This research involved human participants. Mothers or guardians of the children signed a written informed consent to participate in this study. Illiterate mothers consented by their thumbprint after verbal consent. The Institutional Review Board from the Pontifical Catholic University of Ecuador (protocol number CEISH-297-2017) and from the Ministry of Public Health of Ecuador (protocol number MSPCURI000216-3-etapa 1) approved the protocol.
A total of 246 children for anemia and 282 for chronic malnutrition were included in the multivariate analysis. The prevalence of anemia and chronic malnutrition was 15.0% and 12.8%, respectively.
Table 1 shows characteristics of the sample. Children’s ages ranged from 1 to 59 months and the most frequent age group was 49–59 months (35.4% for the anemia sample and 35.1% for the chronic malnutrition sample). The most frequent group for mother’s age at child’s birth was 20–25 years (32.9% for anemia and 34.7% for chronic malnutrition). Forty percent of mothers were illiterate or had only finished primary education.
Most families had one or two children (61.8% for anemia and 63.1% for chronic malnutrition). Considering the family income per month, 57.3% in the anemia sample and 54.6% in the chronic malnutrition sample earned from US$80.10 to US$300 (less than the 2017 minimum wage of US$375).
In relation to structural social capital, after the 7.9-magnitude earthquake in April 2016, 64.5% of the anemia sample and 63.8% of the chronic malnutrition sample received and provided help. A low percentage of mothers were part of a community organization (18.7% for anemia and 18.1% for chronic malnutrition). Approximately 40% of mothers participated in community activities and 30% of mothers had borrowed money in both samples.
In cognitive social capital analysis, a higher proportion of mothers (96.7% for anemia sample and 95.7% for chronic malnutrition) liked their community, and were willing to live more years in that community (92.3% for anemia and 90.4% for chronic malnutrition).
Finally, descriptive analysis of food security variables showed that more than half of households were worried about the scarcity of food in the previous 3 months (62.6% for anemia and 62.1% for chronic malnutrition). In addition, approximately 20% of households reported that they were out of food because of a lack of money in the previous 3 months and were forced to reduce the quantity of food for someone aged less than 18 years in the previous 3 months (Table 1).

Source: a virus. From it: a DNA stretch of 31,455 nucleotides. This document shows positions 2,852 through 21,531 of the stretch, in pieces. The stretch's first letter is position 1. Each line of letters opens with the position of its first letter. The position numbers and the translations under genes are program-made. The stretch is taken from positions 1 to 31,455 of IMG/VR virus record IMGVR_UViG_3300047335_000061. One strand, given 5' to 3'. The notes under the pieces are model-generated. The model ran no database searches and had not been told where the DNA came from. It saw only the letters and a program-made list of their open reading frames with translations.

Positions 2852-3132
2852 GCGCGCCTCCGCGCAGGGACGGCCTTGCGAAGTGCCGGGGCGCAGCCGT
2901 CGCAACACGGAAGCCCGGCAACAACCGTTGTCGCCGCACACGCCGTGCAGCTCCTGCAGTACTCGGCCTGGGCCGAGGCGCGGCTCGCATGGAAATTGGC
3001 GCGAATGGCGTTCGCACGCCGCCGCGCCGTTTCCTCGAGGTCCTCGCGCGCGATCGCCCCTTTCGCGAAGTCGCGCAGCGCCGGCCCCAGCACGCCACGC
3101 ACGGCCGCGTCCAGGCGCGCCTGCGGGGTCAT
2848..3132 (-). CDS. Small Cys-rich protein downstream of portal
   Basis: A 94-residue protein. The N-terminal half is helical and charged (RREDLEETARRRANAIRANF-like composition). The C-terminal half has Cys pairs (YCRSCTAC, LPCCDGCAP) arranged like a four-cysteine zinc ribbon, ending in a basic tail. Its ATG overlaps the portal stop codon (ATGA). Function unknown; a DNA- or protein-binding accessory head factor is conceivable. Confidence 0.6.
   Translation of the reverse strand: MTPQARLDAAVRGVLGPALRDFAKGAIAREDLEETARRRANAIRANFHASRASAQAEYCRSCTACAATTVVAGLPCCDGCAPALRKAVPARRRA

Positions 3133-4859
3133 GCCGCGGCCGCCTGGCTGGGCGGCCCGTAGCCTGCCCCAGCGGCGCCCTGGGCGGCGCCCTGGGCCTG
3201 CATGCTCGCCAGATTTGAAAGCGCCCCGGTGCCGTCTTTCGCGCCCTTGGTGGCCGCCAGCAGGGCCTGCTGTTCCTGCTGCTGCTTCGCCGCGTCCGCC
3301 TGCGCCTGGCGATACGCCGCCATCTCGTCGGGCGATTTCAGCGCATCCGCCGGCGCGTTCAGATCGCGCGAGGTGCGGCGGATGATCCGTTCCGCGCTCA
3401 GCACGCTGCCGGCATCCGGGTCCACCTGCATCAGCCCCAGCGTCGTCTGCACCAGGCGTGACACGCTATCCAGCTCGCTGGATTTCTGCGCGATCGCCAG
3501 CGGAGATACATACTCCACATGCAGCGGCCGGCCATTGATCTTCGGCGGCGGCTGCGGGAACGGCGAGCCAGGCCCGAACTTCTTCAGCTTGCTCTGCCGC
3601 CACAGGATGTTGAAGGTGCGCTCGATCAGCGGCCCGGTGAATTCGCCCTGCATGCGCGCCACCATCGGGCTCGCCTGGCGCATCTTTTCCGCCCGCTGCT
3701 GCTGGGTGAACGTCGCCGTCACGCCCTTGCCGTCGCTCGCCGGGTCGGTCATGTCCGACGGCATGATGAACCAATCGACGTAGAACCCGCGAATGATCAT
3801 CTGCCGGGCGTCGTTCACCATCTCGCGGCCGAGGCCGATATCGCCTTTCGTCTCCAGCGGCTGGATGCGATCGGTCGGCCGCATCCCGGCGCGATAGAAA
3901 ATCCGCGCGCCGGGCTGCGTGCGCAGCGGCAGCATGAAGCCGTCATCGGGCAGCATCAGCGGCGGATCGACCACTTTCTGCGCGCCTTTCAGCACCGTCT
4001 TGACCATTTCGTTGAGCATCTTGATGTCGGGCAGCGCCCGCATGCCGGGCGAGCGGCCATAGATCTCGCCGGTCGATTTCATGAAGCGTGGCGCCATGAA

Social capital and anemia
The prevalence of anemia was higher in children whose mothers were part of a community organization than in children whose mothers were not (26.1% vs 12.5%, p=0.021) (Fig1). In bivariate (PR 2.02, 95%CI 1.13–3.60) and multivariate analysis (PR 1.90, 95%CI 1.04–3.48), a mother being part of a community organization was positively associated with anemia (Tables 2,3). The other variables were not significantly associated with anemia in bivariate or multivariate analysis (Tables 2,3).
Social capital and chronic malnutrition
The prevalence of chronic malnutrition was lower in children whose mothers had borrowed money than in children whose mothers had not (8.1% vs 14.8%, p=0.049) (Fig2). In addition, a lower prevalence of chronic malnutrition was observed in children from households who were helped after the 7.9-magnitude earthquake than in children whose families did not receive help (8.3% vs 20.6%, p=0.003).
In multivariate analyses, receiving help after the earthquake was associated with a lower prevalence of chronic malnutrition (PR 0.52, 95%CI 0.28–0.97). In addition, children whose mothers had borrowed money were less likely to have chronic malnutrition (PR 0.43, 95%CI 0.20–0.90) than children whose mothers did not (Table 3).
This study provides data on the relationship between a mother’s social capital and their child’s nutritional status (anemia and chronic malnutrition). The reciprocity relationships observed in the support received by the community after the 2016 earthquake and having borrowed money from family, friends or community members were protective factors for chronic malnutrition. However, being part of a community organization increased the prevalence of anemia.